Nick Craw on USF1 and US Grand Prix (Video)

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New president of the FIA Senate Nick Craw has addressed rumours about whether America’s new F1 team USF1 will make the grid in 2010.

In a video interview with Speed TV Craw told the channel he had inspected the team’s facilities twice and they had recently paid their $440,000 (�265,000) entry fee.

He was also asked about the future of the United States Grand Prix, which has been missing from the F1 calendar since 2008. He said he thought it unlikely the series would return to Indianapolis, and that two or three potential venues for a street race were being considered.

Watch the interview in full below:

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Keith Collantine
Lifelong motor sport fan Keith set up RaceFans in 2005 - when it was originally called F1 Fanatic. Having previously worked as a motoring...

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28 comments on “Nick Craw on USF1 and US Grand Prix (Video)”

  1. He was also asked about the future of the United States Grand Prix, which has been missing from the F1 calendar since 2010.


    1. Sorry! :-(

      1. …2007 ;)

  2. He seems like quite a smart bloke.

  3. Of course he is- he’s an American!

    1. Guffaw, guffawwww!

      Oh sorry, you were being serious.

  4. two or three potential venues for a street race were being considered

    Why oh why? Why not just spend the money on tarting up one of America’s many excellent and varied ‘road courses’ as they call them? We have enough street circuits already, and for the most part we know they provide incredibly dull races, something that won’t be addressed by a circuit made up entirely of 90 degree corners.

    1. Prisoner Monkeys
      12th November 2009, 2:31

      If you start dressing up road courses, people are going to call foul and claim they were ruined simply because they’ve been brought up to the FIA’s standards..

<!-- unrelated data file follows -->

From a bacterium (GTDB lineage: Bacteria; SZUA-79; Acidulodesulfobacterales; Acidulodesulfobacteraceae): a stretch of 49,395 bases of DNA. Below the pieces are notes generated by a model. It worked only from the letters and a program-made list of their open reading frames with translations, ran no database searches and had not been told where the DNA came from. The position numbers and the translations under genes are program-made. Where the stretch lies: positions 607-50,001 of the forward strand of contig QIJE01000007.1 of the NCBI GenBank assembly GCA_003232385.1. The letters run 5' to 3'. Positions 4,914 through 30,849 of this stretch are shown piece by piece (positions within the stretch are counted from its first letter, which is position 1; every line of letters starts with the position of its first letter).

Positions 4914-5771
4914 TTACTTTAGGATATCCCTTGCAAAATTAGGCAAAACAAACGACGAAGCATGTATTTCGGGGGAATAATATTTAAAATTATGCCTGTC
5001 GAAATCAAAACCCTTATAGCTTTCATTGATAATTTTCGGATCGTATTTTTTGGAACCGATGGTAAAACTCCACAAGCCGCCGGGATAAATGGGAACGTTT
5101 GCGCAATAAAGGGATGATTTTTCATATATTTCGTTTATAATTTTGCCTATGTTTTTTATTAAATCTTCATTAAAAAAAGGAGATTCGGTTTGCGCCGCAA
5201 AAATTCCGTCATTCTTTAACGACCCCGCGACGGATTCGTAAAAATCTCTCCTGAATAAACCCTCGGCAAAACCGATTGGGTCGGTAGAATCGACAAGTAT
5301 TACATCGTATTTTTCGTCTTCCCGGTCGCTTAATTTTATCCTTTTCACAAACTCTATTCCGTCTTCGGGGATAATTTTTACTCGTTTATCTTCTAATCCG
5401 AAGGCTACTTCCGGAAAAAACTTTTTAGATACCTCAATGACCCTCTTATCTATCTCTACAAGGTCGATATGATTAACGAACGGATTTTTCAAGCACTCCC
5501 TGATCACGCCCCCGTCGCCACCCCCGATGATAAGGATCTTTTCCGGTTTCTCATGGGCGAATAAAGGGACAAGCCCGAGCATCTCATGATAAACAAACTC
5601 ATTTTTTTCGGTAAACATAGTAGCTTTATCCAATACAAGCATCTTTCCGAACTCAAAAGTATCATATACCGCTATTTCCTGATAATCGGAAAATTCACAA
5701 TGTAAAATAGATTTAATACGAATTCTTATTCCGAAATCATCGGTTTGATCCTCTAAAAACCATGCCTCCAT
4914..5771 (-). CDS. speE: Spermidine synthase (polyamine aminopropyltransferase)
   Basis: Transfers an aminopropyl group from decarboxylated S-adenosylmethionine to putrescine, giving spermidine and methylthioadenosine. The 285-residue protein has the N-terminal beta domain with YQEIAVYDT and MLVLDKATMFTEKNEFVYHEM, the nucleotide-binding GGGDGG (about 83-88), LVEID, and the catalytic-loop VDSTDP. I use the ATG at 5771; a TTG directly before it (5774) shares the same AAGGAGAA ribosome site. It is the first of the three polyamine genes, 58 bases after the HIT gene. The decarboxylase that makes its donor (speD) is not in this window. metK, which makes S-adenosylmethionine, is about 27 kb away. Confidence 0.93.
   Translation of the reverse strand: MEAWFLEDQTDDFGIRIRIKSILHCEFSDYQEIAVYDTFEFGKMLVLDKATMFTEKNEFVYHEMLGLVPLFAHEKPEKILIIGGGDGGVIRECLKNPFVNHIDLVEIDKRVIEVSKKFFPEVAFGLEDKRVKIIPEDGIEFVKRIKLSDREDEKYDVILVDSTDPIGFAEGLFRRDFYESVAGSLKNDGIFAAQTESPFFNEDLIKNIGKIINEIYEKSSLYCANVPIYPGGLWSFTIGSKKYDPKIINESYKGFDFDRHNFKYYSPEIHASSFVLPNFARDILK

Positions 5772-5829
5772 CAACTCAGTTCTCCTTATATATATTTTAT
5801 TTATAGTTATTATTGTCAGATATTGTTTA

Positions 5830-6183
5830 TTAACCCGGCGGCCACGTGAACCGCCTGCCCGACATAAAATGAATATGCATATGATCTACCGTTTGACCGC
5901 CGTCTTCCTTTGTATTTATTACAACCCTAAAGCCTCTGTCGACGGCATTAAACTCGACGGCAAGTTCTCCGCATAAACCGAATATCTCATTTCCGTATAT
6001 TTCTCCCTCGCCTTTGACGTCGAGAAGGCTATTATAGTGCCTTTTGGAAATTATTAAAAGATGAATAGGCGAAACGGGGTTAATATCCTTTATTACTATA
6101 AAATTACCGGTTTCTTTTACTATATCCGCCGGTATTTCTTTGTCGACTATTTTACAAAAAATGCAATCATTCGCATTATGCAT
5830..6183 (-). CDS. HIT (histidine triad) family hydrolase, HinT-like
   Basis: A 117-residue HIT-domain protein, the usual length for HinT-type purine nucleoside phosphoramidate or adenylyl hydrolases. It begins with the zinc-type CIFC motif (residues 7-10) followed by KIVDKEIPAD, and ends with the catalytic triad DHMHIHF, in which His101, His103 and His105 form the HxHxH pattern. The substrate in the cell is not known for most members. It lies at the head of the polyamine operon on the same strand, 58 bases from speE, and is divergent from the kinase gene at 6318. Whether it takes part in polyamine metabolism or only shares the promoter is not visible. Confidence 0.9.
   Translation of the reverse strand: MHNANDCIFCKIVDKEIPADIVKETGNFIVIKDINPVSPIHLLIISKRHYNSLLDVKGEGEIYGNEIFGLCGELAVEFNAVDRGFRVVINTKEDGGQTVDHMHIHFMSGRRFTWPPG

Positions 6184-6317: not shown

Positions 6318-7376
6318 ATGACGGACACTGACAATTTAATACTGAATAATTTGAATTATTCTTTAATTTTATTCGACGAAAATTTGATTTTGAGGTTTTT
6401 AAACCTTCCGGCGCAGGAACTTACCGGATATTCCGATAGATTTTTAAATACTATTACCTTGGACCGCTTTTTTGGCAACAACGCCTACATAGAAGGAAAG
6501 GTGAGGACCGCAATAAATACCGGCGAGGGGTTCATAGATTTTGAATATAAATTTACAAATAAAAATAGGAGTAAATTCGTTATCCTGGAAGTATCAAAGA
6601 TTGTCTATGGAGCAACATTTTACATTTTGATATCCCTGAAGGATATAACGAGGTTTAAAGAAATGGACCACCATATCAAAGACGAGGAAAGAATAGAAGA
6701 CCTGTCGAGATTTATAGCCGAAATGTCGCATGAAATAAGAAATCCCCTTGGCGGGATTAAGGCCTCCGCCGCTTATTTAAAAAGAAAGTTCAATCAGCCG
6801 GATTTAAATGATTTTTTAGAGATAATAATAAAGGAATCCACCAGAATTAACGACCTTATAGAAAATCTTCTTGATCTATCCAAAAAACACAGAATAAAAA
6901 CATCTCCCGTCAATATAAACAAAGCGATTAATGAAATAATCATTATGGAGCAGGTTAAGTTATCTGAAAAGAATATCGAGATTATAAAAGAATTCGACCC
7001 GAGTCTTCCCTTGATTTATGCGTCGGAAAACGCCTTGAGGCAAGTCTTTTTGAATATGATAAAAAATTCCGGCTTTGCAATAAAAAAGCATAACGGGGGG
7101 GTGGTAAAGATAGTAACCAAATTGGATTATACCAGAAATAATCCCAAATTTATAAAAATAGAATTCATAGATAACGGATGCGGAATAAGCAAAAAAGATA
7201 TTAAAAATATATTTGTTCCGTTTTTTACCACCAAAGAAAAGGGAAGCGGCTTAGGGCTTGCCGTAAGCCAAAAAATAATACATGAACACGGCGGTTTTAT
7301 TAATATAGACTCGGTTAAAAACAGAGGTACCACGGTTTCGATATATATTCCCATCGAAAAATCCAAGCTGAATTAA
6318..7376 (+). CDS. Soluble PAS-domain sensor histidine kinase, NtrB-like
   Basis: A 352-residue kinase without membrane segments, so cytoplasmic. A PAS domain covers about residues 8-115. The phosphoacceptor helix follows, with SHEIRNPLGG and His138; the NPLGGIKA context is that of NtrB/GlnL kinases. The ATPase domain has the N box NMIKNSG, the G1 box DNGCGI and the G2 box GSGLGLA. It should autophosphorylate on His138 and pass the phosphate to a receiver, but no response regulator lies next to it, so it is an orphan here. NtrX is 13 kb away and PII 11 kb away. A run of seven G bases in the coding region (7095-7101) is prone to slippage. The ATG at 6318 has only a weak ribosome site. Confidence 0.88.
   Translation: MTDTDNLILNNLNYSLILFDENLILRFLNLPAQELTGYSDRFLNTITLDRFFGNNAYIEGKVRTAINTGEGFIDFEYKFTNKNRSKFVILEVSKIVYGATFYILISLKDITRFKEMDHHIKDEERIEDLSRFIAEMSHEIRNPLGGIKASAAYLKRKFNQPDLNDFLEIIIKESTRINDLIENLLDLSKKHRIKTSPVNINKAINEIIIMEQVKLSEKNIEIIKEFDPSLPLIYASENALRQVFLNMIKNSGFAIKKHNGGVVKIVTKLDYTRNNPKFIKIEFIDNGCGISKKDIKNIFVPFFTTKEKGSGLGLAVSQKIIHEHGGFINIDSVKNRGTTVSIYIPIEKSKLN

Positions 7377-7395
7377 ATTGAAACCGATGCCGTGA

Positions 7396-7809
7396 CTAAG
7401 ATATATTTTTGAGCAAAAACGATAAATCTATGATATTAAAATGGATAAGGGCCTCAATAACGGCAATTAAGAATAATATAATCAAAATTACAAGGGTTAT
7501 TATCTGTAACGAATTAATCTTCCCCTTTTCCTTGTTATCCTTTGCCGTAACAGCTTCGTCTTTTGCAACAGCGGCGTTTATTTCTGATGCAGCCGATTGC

1. Exactly. Even if the ownership at some circuitswere willing to upgrade, some of the turns and features that make them great for other series- MotoGP, ALMS, NASCAR, IndyCar, would be ruined. As a race fan, I would not want that taking place.

      2. Better than another crummy street circuit in some half-assed attempt to emulate Monaco.

        What’s wrong with Watkins Glen? It would be ace for the F1 circus to return there.

        1. Believe me, I would absolutely LOVE a return to “The Glen” for F1. It’s one of America’s best tracks, and only a few hours drive from ym house :) But the place would need some major work to meet the current FIA regs for F1 tracks. Plus, with ISC being the owners, I doubt that the France family is going to round up tens of millions of dollars to first remake the place and then shell it over to Bernie on a yearly basis.

          I would very much prefer a USGP to be at a permanent circuit, as I generally dislike street races. But if the place is going to lose the challenge in order to meet new regulations, I don’t always think of it as a good investment.

    2. Keith’s Idea, but… Oval Track. That would be a very intriguing challenge for F1.

      1. I agree, even if it would make the race too much about engine power. They could do the Indy oval, or maybe use the infield sections of somewhere like Atlanta Motor Speedway to create a hybrid course.

        As much as I’d like to see a proper, purpose-built F1 circuit in North America it would probably a) never be funded and b) ruined by Tilke.

  5. Great bit of info and good interview with Nick Craw. The comments about a revived USGP are not a suprise, as I have always figured there would be few, if any, circuit owners willing to put up anything close to the funds to upgrade to FOM standards. I really don’t like street races, but any race in the USA gets a huge stamp of approval from me!

  6. Although I would like F1 to return to countries like the USA and France I don’t like the suggestions that it will be at a street circuit in big cities like New York and Paris. To me it seems like another case of the location and surroundings of the circuit taking precedence other the circuit itself and the quality of racing it will deliver.

  7. Paige Michael-Shetley